Microsoft has reached a $97 million settlement of federal lawsuits from temporary workers who challenged the software giant’s employment practices, Microsoft and attorneys for the temps announced today.
Between 8,000 and 12,000 current and former employees are expected to receive payments under the settlement, said plaintiffs’ attorney Stephen Strong in Seattle.
The settlement, worked out with assistance from U.S. District Judge William Dwyer, was given preliminary approval by Judge John Coughenour today.
Dual Plaintiff Goals Reached
“The case was brought to achieve two goals: to challenge the two-tier employment at Microsoft and to recover benefits for employees. We feel we achieved those to a large degree,” Strong said.
Many temporary workers have been converted to so-called regular jobs since the lawsuits were filed in 1992, he said.
While a range of benefits were at issue, “the one that we won on was exclusion from the employee stock-purchase plan at Microsoft,” he said.
The payments plaintiffs receive will vary based on the time period of the work involved, and the duration of employment, said Strong, who worked with attorney David Stobaugh on the case.
At any given time, Microsoft employs 5,000 to 6,000 temporary staff or contingency workers, company spokesman Matt Pilla said. Microsoft employs 42,000 people worldwide — about 21,000 of them in the Puget Sound area.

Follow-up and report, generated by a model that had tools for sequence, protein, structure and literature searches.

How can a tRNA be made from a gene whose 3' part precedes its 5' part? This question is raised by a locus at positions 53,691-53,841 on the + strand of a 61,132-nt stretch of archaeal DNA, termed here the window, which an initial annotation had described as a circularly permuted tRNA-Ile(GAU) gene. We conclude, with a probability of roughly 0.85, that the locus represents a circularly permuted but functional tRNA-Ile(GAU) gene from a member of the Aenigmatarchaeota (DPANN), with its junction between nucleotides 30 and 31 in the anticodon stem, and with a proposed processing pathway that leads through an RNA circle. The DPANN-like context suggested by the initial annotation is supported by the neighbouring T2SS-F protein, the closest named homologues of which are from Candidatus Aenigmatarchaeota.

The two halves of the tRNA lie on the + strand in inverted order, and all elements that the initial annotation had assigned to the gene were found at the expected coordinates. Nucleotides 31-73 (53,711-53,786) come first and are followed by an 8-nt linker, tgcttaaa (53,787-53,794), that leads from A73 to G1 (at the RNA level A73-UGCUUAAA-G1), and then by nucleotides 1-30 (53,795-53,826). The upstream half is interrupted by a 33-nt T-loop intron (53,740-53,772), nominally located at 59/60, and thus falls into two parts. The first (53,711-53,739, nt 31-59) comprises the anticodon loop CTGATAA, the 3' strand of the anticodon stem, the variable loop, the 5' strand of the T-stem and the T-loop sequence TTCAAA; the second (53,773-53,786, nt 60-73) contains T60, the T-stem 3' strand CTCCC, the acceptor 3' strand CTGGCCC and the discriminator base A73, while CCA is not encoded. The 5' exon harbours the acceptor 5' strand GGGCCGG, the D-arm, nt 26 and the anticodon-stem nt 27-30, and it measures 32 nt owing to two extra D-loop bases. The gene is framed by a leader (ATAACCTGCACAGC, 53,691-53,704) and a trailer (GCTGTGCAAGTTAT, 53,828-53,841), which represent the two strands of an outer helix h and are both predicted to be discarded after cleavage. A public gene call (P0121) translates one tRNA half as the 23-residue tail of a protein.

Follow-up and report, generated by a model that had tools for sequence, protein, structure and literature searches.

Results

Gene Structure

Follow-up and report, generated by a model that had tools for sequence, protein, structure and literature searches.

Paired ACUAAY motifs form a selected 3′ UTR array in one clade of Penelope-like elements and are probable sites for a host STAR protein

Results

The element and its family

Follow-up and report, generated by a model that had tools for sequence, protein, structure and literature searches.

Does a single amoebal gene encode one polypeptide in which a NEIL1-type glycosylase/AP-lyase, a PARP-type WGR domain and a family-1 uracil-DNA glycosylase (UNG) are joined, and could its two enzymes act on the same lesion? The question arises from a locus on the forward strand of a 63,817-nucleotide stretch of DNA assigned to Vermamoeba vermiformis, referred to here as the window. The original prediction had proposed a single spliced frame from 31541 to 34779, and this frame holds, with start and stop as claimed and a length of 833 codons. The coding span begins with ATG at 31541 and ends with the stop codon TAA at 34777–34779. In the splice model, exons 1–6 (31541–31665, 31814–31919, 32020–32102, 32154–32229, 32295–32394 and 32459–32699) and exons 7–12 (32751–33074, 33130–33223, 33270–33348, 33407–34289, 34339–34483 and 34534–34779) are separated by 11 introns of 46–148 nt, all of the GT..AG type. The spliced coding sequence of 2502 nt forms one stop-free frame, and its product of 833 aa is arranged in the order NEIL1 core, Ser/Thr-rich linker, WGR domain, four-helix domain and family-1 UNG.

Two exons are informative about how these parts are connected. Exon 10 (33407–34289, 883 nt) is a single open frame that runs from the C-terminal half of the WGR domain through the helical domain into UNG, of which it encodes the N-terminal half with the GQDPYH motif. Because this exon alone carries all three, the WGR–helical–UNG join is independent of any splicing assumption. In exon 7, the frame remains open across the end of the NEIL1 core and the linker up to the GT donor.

“We’re pleased to reach an agreement that’s acceptable to all sides and which resolves the litigation,” Pilla said. “Microsoft as always has been an excellent place to work and we value every individual who contributes to our products and services.”
Microsoft is “constantly evaluating employee policies to ensure the company continues to be a great place to work,” he said.
Constantly Evolving Policies
Changes made since the mid-1990s “are such that the complaint against us would not have been filed if they had been in place. We’re confident of that.”
“It’s obviously a very major victory for long-term temp workers at Microsoft,” said Marcus Courtney, a two-year temp who co-founded the pro-union Washington Alliance of Technology Workers — backed by the Communication Workers of America — in 1998. WashTech has attempted to organize workers at Microsoft and other high-technology companies.
In the mid-1990s, Pilla said, Microsoft adjusted the guidelines managers use to determine if an assignment should be a regular position or one to assign to a temporary.
Microsoft also has changed the way it selects temporary-staffing agencies to favor companies that offer better benefits, he said, and has limited the length of temporary assignments to 12 months.
The company announced in February that it would set the one-year limit for temp workers and require a 100-day break between assignments. The new policy took effect in July.
More than a third of Microsoft’s new hires over the past three years have been former temporary workers, the company said at that time.